Recent events have shown that the artificial intelligence (AI) research branch of Microsoft was the victim of a serious data disclosure breach. An incorrect configuration of an Azure storage account led to the disclosure of 38 gigabytes of confidential internal Microsoft data, as was discovered by a cybersecurity group known as Wiz.
When researchers from Microsoft shared open-source AI training data on GitHub, that’s when the data breach happened. Users were given a URL to retrieve the data from an Azure storage account, which was supplied by them. However, the access token that was sent inside the GitHub repository included an excessively broad set of permissions. It granted read-and-write access to the whole of the storage account, not just the data that was supposed to be accessed.
Wiz made the discovery that this account included 38 terabytes worth of confidential Microsoft data, which included the following:
Backups of the machines used by employees, which may include passwords, secret keys, and internal communications sent via Microsoft Teams.
Over 30,000 private communications sent by 359 Microsoft workers using the Microsoft Teams platform. The underlying problem was that Azure Shared Access Signature (SAS) tokens were being used without the appropriate permissions being scoped. Access to Azure storage accounts may be controlled at a finer grain using SAS tokens. On the other hand, if the configuration is not done correctly, they might provide an excessive number of permissions. A Shared Access Signature (SAS) token in Azure is described as a signed URL that provides access to Azure Storage data by the Wiz team. This information can be found on the Azure website. The user is able to modify the access level to their liking; the permissions may vary from read-only to full control, and the scope can be a single file, a container, or the whole storage account.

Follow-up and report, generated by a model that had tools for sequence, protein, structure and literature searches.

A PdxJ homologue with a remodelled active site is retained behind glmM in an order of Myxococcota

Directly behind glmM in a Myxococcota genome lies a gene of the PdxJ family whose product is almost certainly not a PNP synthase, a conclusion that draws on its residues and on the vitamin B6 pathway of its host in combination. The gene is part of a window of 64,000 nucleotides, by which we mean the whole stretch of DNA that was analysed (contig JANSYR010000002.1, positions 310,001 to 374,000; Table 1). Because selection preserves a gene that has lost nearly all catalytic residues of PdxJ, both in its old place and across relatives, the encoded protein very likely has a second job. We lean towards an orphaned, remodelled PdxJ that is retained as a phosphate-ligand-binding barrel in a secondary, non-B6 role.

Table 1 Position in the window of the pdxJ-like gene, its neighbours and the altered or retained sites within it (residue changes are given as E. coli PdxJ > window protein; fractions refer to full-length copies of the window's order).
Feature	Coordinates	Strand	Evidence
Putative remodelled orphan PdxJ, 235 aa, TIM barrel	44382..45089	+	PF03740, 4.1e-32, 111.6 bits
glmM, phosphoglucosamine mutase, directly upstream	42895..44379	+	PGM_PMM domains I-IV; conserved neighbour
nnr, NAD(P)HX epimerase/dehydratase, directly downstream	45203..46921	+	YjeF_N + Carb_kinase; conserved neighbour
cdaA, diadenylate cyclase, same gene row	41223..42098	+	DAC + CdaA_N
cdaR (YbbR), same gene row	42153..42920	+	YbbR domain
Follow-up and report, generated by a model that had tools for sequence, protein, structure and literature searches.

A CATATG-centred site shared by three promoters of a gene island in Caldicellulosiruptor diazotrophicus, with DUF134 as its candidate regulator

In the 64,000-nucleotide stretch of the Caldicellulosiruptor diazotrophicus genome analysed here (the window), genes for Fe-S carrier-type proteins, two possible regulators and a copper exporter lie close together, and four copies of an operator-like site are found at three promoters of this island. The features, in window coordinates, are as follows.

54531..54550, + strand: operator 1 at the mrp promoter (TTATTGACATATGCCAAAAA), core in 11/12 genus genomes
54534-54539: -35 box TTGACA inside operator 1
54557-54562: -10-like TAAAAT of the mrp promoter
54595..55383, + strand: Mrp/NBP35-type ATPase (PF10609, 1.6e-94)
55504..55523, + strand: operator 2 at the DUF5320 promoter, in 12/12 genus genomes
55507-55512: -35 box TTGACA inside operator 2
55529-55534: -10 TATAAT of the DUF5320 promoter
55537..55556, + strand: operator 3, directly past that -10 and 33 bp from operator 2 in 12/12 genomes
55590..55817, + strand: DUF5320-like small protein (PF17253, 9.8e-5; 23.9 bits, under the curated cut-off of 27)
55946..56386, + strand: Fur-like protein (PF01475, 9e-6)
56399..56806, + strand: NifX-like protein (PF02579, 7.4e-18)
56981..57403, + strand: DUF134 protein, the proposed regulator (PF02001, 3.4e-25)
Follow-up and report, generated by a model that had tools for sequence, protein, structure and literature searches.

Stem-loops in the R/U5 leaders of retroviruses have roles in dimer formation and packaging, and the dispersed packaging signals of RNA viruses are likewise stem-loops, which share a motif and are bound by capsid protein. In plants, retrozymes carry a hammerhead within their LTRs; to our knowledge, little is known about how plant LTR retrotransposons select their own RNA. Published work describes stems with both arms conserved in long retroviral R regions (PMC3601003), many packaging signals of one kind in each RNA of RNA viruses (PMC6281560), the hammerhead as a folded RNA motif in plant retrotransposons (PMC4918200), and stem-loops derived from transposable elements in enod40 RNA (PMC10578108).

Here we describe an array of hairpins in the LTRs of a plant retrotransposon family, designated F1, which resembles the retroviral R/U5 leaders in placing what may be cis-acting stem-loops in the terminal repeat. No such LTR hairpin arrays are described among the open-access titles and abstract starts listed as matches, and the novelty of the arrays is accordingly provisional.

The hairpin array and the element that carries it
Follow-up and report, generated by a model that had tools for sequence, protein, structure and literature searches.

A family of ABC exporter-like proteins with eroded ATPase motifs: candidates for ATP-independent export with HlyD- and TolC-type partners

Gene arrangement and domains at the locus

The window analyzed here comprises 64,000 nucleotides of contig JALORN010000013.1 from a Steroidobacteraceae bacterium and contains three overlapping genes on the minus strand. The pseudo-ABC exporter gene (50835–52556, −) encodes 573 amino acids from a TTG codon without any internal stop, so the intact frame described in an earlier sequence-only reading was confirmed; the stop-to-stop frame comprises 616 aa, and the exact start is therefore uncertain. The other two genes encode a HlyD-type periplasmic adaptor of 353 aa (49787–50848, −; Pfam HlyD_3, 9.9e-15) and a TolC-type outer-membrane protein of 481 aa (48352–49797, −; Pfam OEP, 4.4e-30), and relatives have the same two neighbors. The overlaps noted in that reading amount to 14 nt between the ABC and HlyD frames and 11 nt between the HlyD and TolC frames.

Additionally, the user has total control over the expiration time, giving them the ability to generate access tokens that never expire.
Instead of providing read-only access to the storage account, the token in this instance granted complete control of the contents of the account. In addition, there was no date of expiration, which meant that access would be granted forever.As a result of a deficiency in monitoring and control, SAS tokens provide a potential threat to data security; hence, their use should be restricted to the greatest extent feasible. Because Microsoft does not provide a centralized method to handle these tokens inside the Azure interface, keeping track of them may be an extremely difficult task. In addition, the duration of these tokens may be customized to practically endure forever, and there is no maximum age at which they can be used. Consequently, it is not a secure practice to use Account SAS tokens for external sharing, and users should refrain from doing so. – In addition, the Wiz Research Team said.
Because there is a lack of control, Wiz suggests putting restrictions on how account-level SAS tokens may be used. In addition, separate storage accounts should be used for any and all reasons involving external sharing. It is also recommended to do appropriate monitoring as well as security evaluations of shared data.
Since then, Microsoft has invalidated the exposed SAS token and carried out an internal evaluation of the damage it may have. Additionally, an acknowledgment of the occurrence can be found in a recent blog post written by the corporation.
Because more of an organization’s engineers are now working with enormous volumes of training data, this story illustrates the additional dangers that businesses face when beginning to utilize the capability of artificial intelligence more generally. The enormous volumes of data that data scientists and engineers work with need extra security checks and precautions as they work to get innovative AI solutions into production as quickly as possible.
Information security specialist, currently working as risk infrastructure specialist & investigator.
15 years of experience in risk and control process, security audit support, business continuity design and support, workgroup management and information security standards.